The Olympics Want Tiger Woods. He Wants to Go. But There’s a Catch.

“I know TV companies for obvious reasons are excited about it,” said Peter Dawson, the International Golf Federation’s president.

So, it would appear, is the host country. In October, roughly 60 miles from the Olympic venue, Japanese fans cheered louder for Woods than they did their native son, Hideki Matsuyama, at the inaugural Zozo Championship, which Woods won wire to wire.

Yes, Woods is currently the odd man out among Americans. But that is, as Dawson joked, “nothing that another Masters win wouldn’t cure.”

In 2016, the top four men in line to headline the Olympic field — Jason Day, Jordan Spieth, Rory McIlroy and Johnson — chose not to compete for reasons that included the fear of contracting the mosquito-borne Zika virus. This year, it’s possible an American player or two could be sidelined by something else: money.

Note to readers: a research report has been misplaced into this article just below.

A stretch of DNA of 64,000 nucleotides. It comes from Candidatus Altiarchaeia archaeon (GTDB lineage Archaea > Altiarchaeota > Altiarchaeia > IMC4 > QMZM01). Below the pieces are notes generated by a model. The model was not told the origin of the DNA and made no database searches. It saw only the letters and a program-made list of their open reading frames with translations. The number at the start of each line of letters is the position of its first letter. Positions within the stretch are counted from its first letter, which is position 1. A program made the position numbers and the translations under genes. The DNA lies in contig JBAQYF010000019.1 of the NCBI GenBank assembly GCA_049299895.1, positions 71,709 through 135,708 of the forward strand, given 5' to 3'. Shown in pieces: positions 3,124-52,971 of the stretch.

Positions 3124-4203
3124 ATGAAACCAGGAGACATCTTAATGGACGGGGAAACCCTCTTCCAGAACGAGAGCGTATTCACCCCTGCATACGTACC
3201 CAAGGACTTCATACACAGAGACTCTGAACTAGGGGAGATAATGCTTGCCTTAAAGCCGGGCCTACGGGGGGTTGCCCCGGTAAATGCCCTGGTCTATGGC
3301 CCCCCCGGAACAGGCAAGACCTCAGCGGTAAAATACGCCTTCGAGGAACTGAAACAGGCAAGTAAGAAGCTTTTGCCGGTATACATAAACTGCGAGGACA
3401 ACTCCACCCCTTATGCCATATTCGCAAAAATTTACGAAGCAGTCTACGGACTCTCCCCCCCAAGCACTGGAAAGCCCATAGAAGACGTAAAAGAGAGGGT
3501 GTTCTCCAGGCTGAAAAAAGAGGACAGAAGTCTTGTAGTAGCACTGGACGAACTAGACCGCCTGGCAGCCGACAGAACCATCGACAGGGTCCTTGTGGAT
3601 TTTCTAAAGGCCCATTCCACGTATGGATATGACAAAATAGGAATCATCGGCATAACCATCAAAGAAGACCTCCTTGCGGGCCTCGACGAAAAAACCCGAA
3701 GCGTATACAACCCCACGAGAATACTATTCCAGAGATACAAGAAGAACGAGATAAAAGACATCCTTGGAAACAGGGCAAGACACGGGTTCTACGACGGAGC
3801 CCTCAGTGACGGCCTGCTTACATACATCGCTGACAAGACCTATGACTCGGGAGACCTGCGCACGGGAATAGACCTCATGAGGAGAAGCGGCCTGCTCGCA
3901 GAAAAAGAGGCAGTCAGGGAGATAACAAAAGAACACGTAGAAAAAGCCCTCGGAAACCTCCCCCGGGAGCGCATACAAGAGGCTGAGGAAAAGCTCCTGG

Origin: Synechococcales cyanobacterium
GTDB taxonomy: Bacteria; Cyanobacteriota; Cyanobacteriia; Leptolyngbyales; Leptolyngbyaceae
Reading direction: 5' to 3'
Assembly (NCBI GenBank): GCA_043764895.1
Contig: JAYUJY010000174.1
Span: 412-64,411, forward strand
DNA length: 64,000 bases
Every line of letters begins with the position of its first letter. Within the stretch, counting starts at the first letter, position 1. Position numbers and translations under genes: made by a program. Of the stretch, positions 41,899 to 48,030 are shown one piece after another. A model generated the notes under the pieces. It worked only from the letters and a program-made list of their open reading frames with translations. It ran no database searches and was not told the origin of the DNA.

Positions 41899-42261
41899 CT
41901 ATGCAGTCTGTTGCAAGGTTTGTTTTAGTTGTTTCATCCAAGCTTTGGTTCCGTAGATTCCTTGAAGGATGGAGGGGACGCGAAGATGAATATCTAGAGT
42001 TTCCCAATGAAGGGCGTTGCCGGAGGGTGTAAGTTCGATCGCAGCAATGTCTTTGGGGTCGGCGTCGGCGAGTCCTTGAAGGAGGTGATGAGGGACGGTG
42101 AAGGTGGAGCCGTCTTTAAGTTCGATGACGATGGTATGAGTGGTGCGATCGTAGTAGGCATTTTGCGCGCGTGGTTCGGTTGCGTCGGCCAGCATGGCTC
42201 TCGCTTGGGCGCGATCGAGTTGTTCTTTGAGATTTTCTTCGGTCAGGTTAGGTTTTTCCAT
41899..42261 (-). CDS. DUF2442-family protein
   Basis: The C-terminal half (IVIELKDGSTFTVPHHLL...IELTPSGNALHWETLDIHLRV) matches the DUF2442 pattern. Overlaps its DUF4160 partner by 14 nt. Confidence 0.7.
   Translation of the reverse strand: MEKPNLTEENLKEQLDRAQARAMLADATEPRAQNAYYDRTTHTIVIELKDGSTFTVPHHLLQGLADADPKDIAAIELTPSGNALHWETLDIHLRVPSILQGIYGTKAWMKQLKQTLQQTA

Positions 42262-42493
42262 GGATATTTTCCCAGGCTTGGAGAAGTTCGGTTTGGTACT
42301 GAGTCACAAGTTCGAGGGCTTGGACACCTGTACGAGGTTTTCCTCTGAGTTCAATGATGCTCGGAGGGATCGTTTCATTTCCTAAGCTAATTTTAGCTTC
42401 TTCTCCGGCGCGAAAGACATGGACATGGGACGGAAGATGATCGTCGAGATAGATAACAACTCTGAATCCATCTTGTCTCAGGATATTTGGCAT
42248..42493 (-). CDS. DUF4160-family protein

The men’s competition in Tokyo will take place two weeks after the British Open and two weeks before the start of the three-tournament FedEx Cup playoffs, which offer a $60 million total purse, including a $15 million payoff to the eventual winner.

The first playoff event is outside Boston, 14 time zones from Tokyo, and so it is not unthinkable that a top player, prioritizing majors over medals or playoff riches over Olympic gold, might decide that it’s not worth making the round-the-world journey to Japan at such a key moment in his season.

Could somebody also stay home because of outside pressure to step aside to make room for Woods?

“There may be some of that,” Dawson said, though he quickly added, “I’m sure Tiger wouldn’t want to get into the Games that way.”